libzahl

big integer library
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commit 8c2c44669b49e9f6bc95f08b2505b11b9b66082f
parent 821d9893f5749db996a3a384c50c75ed92bafe2e
Author: Mattias Andrée <maandree@kth.se>
Date:   Fri, 13 May 2016 16:56:12 +0200

On odd/even and signum

Signed-off-by: Mattias Andrée <maandree@kth.se>

Diffstat:
doc/number-theory.tex | 90++++++++++++++++++++++++++++++++++++++++++++++++++++++++++++++++++++++++++++---
1 file changed, 87 insertions(+), 3 deletions(-)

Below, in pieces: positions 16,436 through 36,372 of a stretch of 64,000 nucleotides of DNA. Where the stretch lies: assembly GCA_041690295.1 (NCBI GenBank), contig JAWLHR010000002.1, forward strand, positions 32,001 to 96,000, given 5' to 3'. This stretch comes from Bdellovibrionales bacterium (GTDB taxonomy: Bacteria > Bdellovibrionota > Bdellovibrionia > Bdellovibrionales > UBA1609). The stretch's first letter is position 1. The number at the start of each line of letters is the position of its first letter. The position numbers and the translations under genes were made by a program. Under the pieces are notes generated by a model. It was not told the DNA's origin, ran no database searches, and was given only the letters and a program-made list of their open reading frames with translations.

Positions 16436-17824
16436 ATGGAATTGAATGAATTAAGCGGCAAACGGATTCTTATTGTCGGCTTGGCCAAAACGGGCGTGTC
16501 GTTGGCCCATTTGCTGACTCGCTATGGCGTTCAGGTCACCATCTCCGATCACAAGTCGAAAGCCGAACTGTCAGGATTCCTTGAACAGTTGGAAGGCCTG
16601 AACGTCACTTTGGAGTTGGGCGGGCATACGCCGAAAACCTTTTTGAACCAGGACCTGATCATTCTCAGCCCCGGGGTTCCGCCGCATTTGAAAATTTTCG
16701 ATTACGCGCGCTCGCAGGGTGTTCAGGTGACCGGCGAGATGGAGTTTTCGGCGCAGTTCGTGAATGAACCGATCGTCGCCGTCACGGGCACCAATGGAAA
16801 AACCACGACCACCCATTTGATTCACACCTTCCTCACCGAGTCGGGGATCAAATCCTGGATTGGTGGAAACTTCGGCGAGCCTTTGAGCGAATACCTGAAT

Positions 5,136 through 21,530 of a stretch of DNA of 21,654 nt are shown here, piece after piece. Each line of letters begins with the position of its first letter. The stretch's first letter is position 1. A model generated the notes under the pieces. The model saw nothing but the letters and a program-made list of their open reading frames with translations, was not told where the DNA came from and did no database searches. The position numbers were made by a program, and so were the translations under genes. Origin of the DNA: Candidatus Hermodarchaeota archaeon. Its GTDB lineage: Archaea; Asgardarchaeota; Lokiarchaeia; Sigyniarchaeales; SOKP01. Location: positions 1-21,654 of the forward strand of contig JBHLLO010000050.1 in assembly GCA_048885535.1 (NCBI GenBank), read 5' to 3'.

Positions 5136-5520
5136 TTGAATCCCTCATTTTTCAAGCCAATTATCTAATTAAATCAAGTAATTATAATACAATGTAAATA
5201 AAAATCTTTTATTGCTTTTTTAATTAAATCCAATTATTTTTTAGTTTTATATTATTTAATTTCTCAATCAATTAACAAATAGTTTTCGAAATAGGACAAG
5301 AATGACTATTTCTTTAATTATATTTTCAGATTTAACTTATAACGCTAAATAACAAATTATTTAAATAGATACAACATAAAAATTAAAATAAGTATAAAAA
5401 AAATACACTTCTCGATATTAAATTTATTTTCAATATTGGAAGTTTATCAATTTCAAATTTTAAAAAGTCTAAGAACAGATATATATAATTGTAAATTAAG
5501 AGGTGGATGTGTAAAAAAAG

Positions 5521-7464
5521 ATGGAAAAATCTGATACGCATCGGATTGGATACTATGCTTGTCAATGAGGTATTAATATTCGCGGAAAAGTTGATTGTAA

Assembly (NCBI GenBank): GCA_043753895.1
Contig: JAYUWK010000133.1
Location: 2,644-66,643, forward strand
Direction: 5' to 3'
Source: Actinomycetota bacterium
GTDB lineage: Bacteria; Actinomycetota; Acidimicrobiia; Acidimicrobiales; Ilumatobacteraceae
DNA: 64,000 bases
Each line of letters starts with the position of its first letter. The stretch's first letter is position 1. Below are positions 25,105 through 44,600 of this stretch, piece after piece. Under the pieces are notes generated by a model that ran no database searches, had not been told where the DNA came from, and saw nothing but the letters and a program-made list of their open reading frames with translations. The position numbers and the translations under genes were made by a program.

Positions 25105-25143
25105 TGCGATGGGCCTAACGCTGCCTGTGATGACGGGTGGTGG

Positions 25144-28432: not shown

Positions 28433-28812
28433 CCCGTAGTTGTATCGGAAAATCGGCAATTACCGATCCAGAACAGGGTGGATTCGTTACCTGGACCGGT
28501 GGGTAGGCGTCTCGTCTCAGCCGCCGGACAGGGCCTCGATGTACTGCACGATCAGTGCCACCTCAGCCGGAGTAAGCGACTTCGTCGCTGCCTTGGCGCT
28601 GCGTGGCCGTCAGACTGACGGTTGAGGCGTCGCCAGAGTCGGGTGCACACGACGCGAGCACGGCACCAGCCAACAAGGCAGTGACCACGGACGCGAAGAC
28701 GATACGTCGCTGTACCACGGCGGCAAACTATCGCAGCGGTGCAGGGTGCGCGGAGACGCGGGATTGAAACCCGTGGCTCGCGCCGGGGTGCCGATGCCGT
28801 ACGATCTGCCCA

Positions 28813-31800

diff --git a/doc/number-theory.tex b/doc/number-theory.tex @@ -1,7 +1,8 @@ \chapter{Number theory} \label{chap:Number theory} -TODO +In this chapter, you will learn about the +number theoretic functions in libzahl. \vspace{1cm} \minitoc @@ -11,14 +12,97 @@ TODO \section{Odd or even} \label{sec:Odd or even} -TODO % zodd zeven zodd_nonzero zeven_nonzero +There are four functions available for testing +the oddness and evenness of an integer: + +\begin{alltt} + int zodd(z_t a); + int zeven(z_t a); + int zodd_nonzero(z_t a); + int zeven_nonzero(z_t a); +\end{alltt} + +\noindent +{\tt zodd} returns 1 if {\tt a} contains an +odd value, or 0 if {\tt a} contains an even +number. Conversely, {\tt zeven} returns 1 if +{\tt a} contains an even value, or 0 if {\tt a} +contains an odd number. {\tt zodd\_nonzero} and +{\tt zeven\_nonzero} behave exactly like {\tt zodd} +and {\tt zeven}, respectively, but assumes that +{\tt a} contains a non-zero value, if not +undefined behaviour is invoked, possibly in the +form of a segmentation fault; they are thus +sligtly faster than {\tt zodd} and {\tt zeven}. + +It is discouraged to test the returned value +against 1, we should always test against 0, +treating all non-zero value as equivalent to 1. +For clarity, we use also avoid testing that +the returned value is zero, for example, rather +than {\tt !zeven(a)} we write {\tt zodd(a)}. \newpage \section{Signum} \label{sec:Signum} -TODO % zsignum zzero +There are two functions available for testing +the sign of an integer, one of the can be used +to retrieve the sign: + +\begin{alltt} + int zsignum(z_t a); + int zzero(z_t a); +\end{alltt} + +\noindent +{\tt zsignum} returns $-1$ if $a < 0$, +$0$ if $a = 0$, and $+1$ if $a > 0$, that is, + +\vspace{1em} +\( \displaystyle{ + \mbox{sgn}~a = \left \lbrace \begin{array}{rl} + -1 & \textrm{if}~ a < 0 \\ + 0 & \textrm{if}~ a = 0 \\ + +1 & \textrm{if}~ a > 0 + \end{array} \right . +}\) +\vspace{1em} + +\noindent +It is discouraged to compare the returned value +against $-1$ and $+1$; always compare against 0, +for example: + +\begin{alltt} + if (zsignum(a) > 0) "positive"; + if (zsignum(a) >= 0) "non-negative"; + if (zsignum(a) == 0) "zero"; + if (!zsignum(a)) "zero"; + if (zsignum(a) <= 0) "non-positive"; + if (zsignum(a) < 0) "negative"; + if (zsignum(a)) "non-zero"; +\end{alltt} + +\noindent +However, when we are doing arithmetic with the +signum, we may relay on the result never being +any other value than $-1$, $0$, and $+0$. +For example: + +\begin{alltt} + zset(sgn, zsignum(a)); + zadd(b, sgn); +\end{alltt} + +{\tt zzero} returns 0 if $a = 0$ or 1 if +$a \neq 0$. Like with {\tt zsignum}, avoid +testing the returned value against 1, rather +test that the returned value is not 0. When +however we are doing arithmetic with the +result, we may relay on the result never +being any other value than 0 or 1. \newpage